Antonescu, Ion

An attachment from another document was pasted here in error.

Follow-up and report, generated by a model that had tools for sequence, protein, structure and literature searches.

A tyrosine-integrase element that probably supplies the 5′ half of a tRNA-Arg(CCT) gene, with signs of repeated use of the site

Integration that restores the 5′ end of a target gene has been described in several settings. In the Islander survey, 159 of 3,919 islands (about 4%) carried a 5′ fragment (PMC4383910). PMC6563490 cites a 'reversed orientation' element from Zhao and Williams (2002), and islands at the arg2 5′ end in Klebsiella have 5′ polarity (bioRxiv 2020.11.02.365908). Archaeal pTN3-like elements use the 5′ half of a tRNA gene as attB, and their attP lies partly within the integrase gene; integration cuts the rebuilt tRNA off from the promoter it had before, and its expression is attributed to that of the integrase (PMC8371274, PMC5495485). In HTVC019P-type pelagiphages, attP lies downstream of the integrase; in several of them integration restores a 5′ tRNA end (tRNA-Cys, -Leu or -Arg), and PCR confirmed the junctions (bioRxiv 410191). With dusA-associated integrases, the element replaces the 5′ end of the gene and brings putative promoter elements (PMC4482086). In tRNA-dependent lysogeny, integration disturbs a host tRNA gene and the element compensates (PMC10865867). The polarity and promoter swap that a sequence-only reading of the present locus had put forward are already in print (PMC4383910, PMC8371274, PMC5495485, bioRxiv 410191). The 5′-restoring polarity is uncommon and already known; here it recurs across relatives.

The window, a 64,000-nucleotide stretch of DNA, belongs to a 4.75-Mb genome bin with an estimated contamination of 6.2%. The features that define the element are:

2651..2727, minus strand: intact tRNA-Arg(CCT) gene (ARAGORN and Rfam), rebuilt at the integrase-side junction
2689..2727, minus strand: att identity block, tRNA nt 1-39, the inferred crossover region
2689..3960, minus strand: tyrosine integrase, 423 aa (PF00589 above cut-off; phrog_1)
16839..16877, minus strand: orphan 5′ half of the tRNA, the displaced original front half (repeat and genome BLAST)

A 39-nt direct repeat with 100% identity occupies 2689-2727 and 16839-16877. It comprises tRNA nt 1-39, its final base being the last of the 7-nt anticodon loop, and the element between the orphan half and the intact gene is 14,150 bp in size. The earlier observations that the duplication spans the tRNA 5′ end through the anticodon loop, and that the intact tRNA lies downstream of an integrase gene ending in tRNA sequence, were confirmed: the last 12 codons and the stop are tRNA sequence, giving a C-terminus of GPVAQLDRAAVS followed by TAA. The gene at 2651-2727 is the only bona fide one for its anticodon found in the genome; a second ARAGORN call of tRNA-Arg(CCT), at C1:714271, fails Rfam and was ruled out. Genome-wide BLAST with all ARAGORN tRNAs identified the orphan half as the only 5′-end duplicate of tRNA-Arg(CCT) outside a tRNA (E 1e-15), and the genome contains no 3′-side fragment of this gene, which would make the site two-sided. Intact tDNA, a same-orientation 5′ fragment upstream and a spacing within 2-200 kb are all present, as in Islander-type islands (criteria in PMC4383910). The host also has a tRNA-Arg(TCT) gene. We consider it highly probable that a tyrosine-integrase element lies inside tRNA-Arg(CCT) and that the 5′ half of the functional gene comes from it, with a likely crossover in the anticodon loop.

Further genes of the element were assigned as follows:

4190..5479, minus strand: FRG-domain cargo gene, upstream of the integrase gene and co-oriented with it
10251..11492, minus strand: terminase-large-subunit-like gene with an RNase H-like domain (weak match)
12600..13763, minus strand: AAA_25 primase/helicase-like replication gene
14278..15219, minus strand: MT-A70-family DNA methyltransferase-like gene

Antonescu, Ion yôn äntônĕsˈko͞o [key], 1882–1946, Romanian marshal and dictator. He served in World War I and later became chief of staff, but he fell into disfavor with King Carol II because of his pro-Nazi attitude and his suspected intrigues with the Iron Guard. In World War II, on Sept. 4–5, 1940, Carol, threatened with revolution and German intervention, appointed Antonescu premier with dictatorial powers. On Sept. 6, Antonescu forced the king to abdicate in favor of Carol's son, Michael. In Nov., 1940, Romania joined the Axis Powers, and Antonescu gave Adolf Hitler virtual control over Romanian economy and foreign policy, tolerated violent pogroms against the Jews, and declared (June 22, 1941) a “holy war” on the Soviet Union. With two Soviet armies deep in Romania, King Michael in Aug., 1944, had Antonescu and his cabinet arrested in a dramatic coup. Antonescu was tried (1946) for war crimes and executed.

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